One vital source of new business is referrals.
When a trusted source recommends your business, they are providing their endorsement. With referrals, a great deal of the selling has already been done. You can therefore minimize your efforts and maximize your returns by making full use of your referral sources. Here are 5 ways:
1. Determine your best referral sources.
They have been known to come in unlikely shapes and sizes; give everyone the benefit of the doubt! Keep an organized database showing your activities with them. It is easy to forget when you do not keep written records and easier to follow up when you do. Start with an informal chat and arrange to talk further. They may not refer clients right away but you can then send regular updates, birthday, anniversary or congrats greetings, invitations to your open house and social events and generally stay in touch. Keep an on-going, mutually beneficial relationship with your referral sources. Find out what they need and help them get it too. It is human nature to want to reciprocate. So aim to give more than you receive, hopefully keeping your referral sources in “reciprocate mode!”
2. Keep them informed.
As soon as you decide on a referral source, make an appointment to meet up with them. Do not procrastinate; remember, others want them too! Be sure to present the benefits they will derive from this relationship. If you will be cross promoting, you can spend the time learning about their business too. Quite often, we assume that we know what people do. Try asking your family and friends (possible referral sources) what they know about your business. You will be shocked at how “well informed” they are! By meeting up with your referral sources you are also able to establish rapport as you share your vision, goals, business story, and the benefits you provide.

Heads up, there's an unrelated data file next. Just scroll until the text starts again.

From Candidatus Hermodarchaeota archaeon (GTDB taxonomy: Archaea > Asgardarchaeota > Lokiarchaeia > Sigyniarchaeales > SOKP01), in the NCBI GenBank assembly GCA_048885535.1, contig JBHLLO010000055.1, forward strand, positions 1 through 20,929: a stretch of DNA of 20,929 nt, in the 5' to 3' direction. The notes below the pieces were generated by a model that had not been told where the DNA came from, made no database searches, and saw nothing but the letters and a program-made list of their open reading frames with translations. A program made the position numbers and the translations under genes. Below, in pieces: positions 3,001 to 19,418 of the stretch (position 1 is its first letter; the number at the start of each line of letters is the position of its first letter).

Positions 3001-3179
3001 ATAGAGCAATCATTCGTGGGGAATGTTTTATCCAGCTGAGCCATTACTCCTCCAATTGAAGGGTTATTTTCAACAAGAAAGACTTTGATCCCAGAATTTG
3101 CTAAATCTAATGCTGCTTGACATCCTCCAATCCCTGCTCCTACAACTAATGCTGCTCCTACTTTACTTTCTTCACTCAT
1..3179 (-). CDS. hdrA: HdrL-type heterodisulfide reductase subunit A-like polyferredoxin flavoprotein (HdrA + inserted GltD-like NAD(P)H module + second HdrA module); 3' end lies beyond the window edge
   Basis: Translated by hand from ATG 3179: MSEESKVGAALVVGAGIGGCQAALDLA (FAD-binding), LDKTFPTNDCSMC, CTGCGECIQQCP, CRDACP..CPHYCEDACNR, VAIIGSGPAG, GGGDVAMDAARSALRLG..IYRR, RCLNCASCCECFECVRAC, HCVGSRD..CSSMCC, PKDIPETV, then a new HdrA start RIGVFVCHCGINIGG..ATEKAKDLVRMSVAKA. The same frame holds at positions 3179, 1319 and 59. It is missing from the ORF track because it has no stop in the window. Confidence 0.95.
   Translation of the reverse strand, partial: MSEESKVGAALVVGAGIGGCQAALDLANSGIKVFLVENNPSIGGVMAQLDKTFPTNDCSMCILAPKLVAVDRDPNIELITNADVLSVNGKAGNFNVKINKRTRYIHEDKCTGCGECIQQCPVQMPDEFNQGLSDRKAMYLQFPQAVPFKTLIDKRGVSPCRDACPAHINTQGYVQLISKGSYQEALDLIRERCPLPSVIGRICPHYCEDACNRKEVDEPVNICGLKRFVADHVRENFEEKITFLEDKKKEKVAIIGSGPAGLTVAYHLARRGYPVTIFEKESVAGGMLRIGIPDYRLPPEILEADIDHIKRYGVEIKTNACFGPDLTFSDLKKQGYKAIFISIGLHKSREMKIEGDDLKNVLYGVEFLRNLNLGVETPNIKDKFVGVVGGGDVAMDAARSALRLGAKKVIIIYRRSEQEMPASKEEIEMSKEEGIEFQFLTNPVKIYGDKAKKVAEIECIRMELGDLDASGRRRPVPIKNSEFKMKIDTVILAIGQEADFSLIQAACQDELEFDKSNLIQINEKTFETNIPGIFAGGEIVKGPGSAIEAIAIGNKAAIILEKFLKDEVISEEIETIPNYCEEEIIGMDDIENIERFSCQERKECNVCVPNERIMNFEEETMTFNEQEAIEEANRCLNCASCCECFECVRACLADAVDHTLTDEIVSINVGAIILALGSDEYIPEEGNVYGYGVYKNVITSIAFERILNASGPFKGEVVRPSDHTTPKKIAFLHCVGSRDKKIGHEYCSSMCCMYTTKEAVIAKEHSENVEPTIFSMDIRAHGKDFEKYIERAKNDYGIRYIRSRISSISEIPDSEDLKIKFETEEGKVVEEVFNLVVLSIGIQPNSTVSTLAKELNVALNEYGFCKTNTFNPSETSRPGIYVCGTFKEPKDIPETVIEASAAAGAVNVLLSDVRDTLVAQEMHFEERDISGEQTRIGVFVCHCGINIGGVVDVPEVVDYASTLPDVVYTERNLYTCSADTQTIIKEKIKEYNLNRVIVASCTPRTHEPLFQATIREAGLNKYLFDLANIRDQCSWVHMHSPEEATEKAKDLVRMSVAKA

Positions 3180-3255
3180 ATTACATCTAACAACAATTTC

3. Be on the lookout for more!
Just as with clients, we need a steady bank of referral sources. You will find them at networking meetings; industry events; social gatherings; places of worship; children’s schools; the gym; the salon; in fact, they are everywhere! When you attend events, do not just be there to find immediate business. Seek out referral sources too.
4. Track performance.
If an agreed referral source is not passing on new business, take the time to find out why. Have they had cause to stop believing in you? You might be able to do some image repair here. Have you lost touch? Get back in touch! Thank those who do send you clients, update them of the outcomes and find ways to reward them. However, if you cannot find a reason why they are not keeping their end of the deal it may be wise to end the referral arrangement.
5. Stand out!
No doubt, you are not the only one in your field whom your referral sources know. These days, we all know plenty of accountants, coaches, solicitors, web designers, personal stylists, caterers, printers … the list could go on! The way around this is to niche your services on two levels:
- (a) Solve a specific problem,
- (b) for a distinct group of people.
For instance, even though there are hundreds of business consultants in your city, let your referral sources know that you work specifically with female lawyers, doubling their client base in 6 months! You will be the one they think of whenever they bump into their lady lawyer friends as opposed to “just another business card in a pack of many!” This is why it is important to educate your referral sources or they may never have a clear reason to refer you. This is also how niched businesses find it easier to get steady clients and bigger fees than the generalists do.
Do not just collect names of possible referral sources.
Take the above steps to make the most of it. “Will do,” do I hear you say? No, get to work right away! Referrals can take time to mature into money in the bank. The sooner you get started, the better!